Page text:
"Finally, we need to address the possibility that not all bidders may be able to submit bids that conform to the 10-, 15-, or 20-year contract term. A bidder may, for example, submit a 12-year contract bid. The MPR methodology, and associated model, set forth in this decision can be modified to calculate MPRs for different contract terms. If additional MPRs are required for bid evaluation, we authorize Energy Division to generate the necessary MPRs utilizing the same input values used to generate the 10-, 15-, or 20-year MPRs approved by this Commission. Alternatively, we could calculate all intermediate MPRs between years 10 and 20. When the utilities notify the Commission that negotiations with RPS bidders are complete, they should also indicate if the calculation of MPRs for terms other than 10, 15 or 20 years is necessary.
Calculation of 25-year MPR
PG&E executed a 25-year PPA with High Plains Ranch; however, the MPR methodology only calculates values for 10, 15 and 20-year projects. In order to accurately calculate the above-market costs of the contract, PG&E calculated a 25-year benchmark using the 2007 MPR model. Pub. Util. Code § 399.15, and D.04-06-014, give the Commission and Energy Division the authority to approve RPS contracts of essentially any term of years, so long as the Commission has established a way to evaluate them.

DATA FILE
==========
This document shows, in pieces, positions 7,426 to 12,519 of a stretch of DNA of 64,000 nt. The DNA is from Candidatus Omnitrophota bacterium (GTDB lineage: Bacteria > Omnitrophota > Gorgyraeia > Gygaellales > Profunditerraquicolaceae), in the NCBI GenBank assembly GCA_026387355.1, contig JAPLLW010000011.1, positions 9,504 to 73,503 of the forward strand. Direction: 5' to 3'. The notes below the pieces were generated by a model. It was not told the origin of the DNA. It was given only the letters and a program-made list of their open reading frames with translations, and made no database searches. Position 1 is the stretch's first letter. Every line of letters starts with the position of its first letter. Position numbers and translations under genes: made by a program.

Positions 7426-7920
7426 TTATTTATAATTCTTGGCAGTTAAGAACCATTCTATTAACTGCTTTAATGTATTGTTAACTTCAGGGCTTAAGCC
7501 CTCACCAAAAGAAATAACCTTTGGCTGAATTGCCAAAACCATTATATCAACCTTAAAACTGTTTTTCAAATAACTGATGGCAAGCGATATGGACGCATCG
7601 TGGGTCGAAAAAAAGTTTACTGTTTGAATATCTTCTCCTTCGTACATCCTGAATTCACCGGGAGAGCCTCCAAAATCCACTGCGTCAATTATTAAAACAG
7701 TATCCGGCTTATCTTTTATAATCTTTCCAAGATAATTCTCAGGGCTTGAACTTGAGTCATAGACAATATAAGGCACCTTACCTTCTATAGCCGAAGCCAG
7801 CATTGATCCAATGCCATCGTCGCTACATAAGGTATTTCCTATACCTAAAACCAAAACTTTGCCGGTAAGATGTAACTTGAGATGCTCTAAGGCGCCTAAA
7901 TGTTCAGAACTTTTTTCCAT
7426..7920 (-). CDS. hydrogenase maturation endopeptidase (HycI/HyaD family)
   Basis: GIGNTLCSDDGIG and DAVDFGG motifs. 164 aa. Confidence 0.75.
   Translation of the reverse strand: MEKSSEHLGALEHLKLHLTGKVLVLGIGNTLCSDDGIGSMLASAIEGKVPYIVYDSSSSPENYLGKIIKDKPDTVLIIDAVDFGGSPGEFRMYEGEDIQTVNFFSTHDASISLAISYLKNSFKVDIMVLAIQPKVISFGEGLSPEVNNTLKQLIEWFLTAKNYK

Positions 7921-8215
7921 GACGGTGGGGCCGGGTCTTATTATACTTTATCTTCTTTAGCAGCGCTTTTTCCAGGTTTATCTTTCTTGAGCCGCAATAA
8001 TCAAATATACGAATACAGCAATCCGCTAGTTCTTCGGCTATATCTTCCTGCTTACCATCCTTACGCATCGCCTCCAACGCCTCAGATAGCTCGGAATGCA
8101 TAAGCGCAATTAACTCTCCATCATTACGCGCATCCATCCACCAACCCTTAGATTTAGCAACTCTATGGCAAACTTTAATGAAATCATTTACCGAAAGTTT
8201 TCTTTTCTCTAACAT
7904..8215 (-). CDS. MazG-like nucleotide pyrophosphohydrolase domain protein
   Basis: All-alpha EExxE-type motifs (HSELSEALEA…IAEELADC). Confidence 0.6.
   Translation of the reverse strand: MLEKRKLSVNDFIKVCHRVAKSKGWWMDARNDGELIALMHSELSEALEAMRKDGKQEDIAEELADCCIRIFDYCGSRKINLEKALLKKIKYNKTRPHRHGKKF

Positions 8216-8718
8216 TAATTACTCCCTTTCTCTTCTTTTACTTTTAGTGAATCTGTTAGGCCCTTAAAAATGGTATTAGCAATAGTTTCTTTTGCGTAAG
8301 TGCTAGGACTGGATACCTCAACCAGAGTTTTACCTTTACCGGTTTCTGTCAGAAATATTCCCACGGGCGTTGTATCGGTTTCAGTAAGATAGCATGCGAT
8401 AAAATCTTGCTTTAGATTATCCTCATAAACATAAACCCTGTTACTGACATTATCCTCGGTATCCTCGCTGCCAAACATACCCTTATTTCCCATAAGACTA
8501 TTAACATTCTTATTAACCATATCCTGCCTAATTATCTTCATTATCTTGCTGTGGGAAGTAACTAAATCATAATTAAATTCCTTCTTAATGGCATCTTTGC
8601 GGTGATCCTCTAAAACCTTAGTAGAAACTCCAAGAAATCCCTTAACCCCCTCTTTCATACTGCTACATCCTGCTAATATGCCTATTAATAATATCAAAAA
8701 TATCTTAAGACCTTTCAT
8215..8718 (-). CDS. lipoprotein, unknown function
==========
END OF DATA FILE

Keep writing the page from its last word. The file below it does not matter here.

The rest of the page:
Resolution E-4118 formally adopted the 2007 MPR values for use in the 2007 RPS solicitation. The relevant 10, 15, and 20-year MPRs for projects executed in 2007, with a 2013 online date are the following; $96.05, $99.65, and $102.75/MWh, respectively. The percentage change between the 15-year and 20-year MPR is 3.1%. Applying that percentage increase to the 20-year MPR of $102.75 returns an approximate 25-year MPR of $105.95/MWh.
PG&E considered qualitative factors as required by D.04-07-029 and D.07-02-011 when evaluating the PPA. Approval of the PPA will add to the diversity of technologies in PG&E's renewables portfolio.
Consistency with Adopted Standard Terms and Conditions
The proposed PPA conforms to the Commission's decisions requiring STCs for RPS contracts.
"May Not be Modified" Terms
The PPA does not deviate from the non-modifiable terms and conditions.
"May be Modified" Terms
During the course of negotiations, the parties identified a need to modify some of the modifiable standard terms in order to reach agreement. The changes were based upon mutual agreement reached during negotiations.
Contract price is reasonable and recoverable in rates